Liu Ye: What I meant [in another interview] by “self- portrait” is not really my self- portrait in that sense. It is more my world. Art or painting in relationship with the real world is false. In my world, the reality is following the art world. It is my total freedom to configure this world because it is purely mine. It does not have anything to do with whether I live in Berlin or in Beijing; for example, it is completely the same, since the outside context scene does not have much importance. When I leave the house in the morning, it does not give me an impression of where exactly I am. This is not of great importance as I live in my own world, which does not depend on the daily environment.

My world is based on culture—literature, film, or music. It is an art world—a parallel, artificial world. It has been like that since I can remember. When I was a child, I read all the tales by Hans Christian Andersen. This was during the period of the Cultural Revolution in which I spent much time reading, virtually living in Andersen’s world and not in the reality that was unfolding in Beijing at that time. Somehow I must have pronounced his name with a Chinese sound, and I was surprised when I learned that Hans Christian Andersen and his tales came from Denmark. The world in which “Thumbelina,” “Little Mermaid,” and “The Little Match Seller” took place felt like my world, and I therefore thought these were Chinese stories.

Liu Ye, Bauhaus No. 5, 2018, acrylic on canvas, 15 x 20 cm
Friedrich Christian Flick Collection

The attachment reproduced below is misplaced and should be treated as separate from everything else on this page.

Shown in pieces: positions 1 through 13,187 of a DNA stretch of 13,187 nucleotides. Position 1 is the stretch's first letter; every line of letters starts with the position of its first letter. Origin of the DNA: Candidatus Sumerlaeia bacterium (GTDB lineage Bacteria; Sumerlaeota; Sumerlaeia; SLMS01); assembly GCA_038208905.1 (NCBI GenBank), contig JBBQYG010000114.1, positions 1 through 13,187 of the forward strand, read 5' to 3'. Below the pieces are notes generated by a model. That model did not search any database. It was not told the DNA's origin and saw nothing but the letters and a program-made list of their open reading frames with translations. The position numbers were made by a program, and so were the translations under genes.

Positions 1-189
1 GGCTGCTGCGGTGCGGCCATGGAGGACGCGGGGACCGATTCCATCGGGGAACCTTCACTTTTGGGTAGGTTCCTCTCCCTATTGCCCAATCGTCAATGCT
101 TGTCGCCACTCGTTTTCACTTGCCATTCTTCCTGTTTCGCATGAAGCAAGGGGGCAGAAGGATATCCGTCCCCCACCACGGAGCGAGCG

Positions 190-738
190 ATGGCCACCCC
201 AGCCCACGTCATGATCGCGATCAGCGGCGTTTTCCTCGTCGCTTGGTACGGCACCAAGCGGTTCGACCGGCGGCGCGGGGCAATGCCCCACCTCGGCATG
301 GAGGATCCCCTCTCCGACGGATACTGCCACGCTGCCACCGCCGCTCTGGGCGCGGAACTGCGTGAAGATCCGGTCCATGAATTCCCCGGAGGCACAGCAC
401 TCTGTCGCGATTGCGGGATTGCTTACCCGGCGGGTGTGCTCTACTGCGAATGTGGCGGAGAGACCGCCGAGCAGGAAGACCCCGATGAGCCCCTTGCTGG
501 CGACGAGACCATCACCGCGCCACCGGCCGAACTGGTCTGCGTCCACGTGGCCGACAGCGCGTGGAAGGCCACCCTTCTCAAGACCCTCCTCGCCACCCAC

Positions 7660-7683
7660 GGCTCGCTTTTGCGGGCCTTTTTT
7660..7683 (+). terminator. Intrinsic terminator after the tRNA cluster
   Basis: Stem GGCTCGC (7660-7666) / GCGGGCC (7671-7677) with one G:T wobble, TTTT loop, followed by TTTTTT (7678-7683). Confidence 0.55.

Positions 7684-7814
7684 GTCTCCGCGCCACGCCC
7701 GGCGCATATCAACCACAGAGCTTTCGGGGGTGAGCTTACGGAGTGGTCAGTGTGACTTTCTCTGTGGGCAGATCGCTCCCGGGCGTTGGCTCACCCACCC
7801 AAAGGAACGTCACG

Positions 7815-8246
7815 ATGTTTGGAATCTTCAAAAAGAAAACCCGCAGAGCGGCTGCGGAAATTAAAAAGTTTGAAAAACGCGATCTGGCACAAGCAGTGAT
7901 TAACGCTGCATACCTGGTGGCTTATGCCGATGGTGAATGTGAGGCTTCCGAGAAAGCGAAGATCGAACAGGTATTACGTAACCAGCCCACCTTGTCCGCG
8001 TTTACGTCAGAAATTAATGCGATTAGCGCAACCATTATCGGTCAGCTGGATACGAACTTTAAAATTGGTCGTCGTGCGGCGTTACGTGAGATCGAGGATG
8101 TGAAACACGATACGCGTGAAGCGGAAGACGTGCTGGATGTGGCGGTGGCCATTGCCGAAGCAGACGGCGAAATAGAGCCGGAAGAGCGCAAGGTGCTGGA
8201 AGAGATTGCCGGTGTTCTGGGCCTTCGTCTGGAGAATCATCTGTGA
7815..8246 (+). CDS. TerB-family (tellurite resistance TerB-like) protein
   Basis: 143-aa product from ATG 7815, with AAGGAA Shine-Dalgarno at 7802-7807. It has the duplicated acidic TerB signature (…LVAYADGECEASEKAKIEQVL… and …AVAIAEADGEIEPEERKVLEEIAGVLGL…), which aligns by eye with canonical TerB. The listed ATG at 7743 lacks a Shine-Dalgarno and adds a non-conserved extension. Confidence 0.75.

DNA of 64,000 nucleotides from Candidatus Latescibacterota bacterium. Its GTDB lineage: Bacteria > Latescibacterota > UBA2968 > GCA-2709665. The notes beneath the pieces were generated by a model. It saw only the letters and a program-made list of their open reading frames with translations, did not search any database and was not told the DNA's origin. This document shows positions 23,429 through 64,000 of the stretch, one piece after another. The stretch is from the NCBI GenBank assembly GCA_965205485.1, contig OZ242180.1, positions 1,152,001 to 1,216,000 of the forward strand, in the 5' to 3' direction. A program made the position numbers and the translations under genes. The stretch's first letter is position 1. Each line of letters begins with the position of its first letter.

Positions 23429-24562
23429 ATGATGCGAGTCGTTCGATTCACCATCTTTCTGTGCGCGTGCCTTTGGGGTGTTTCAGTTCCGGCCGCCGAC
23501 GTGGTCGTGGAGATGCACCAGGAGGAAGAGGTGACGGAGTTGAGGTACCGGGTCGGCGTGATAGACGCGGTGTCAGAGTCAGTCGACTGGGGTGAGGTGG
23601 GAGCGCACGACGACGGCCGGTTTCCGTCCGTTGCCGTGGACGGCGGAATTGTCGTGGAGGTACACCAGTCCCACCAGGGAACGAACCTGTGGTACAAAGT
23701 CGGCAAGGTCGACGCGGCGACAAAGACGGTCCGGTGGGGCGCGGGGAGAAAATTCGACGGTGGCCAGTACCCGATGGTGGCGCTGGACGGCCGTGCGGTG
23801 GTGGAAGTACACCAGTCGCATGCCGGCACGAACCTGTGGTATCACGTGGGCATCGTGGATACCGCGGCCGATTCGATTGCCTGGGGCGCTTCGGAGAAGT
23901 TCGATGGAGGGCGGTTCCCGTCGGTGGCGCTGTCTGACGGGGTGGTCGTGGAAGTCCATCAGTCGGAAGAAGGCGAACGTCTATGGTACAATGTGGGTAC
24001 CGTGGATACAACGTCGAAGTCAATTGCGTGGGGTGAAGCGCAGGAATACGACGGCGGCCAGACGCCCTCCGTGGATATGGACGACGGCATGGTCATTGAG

Liu Ye: Again, when it comes to my artwork, I live in an artificial world, in my own art world, which is very rich and multi-layered. When I say that the art world is very rich, this has nothing to do with what physically occurs around the work of artists and exhibitions. The art world I am reflecting has nothing to do with people’s social circles. For example, regarding openings or parties, I go to very few, but I have many good friends.

My inspiration comes from the second reality, my “secondary world.” It is not the direct reality. Of course, I know what is currently taking place in China or in Hong Kong; I know it very well, but there is no reflection of this in my art. There is no relationship between that reality and my work. They are two different worlds.

Think of Mondrian, for example. His life was during the First and Second World Wars, but you cannot see it in his paintings. He had an art world that was very independent from his reality. With Otto Dix, on the other hand, you can see his time living in Germany during the 1940s reflected in his work. He is a great realist; you can feel the 40s in his art, but Mondrian is totally different.

Alexandra Grimmer: But in Mondrian’s work, it is not possible to interpret any surrealism, just as an example. What makes your work different is that there are many more ways to interpret it.

Liu Ye: I love Mondrian, but I’m not an abstract painter in the formal or traditional sense. I don’t follow his theory. He built up his work from realism to an abstract language. However, his art theory is not relevant for me.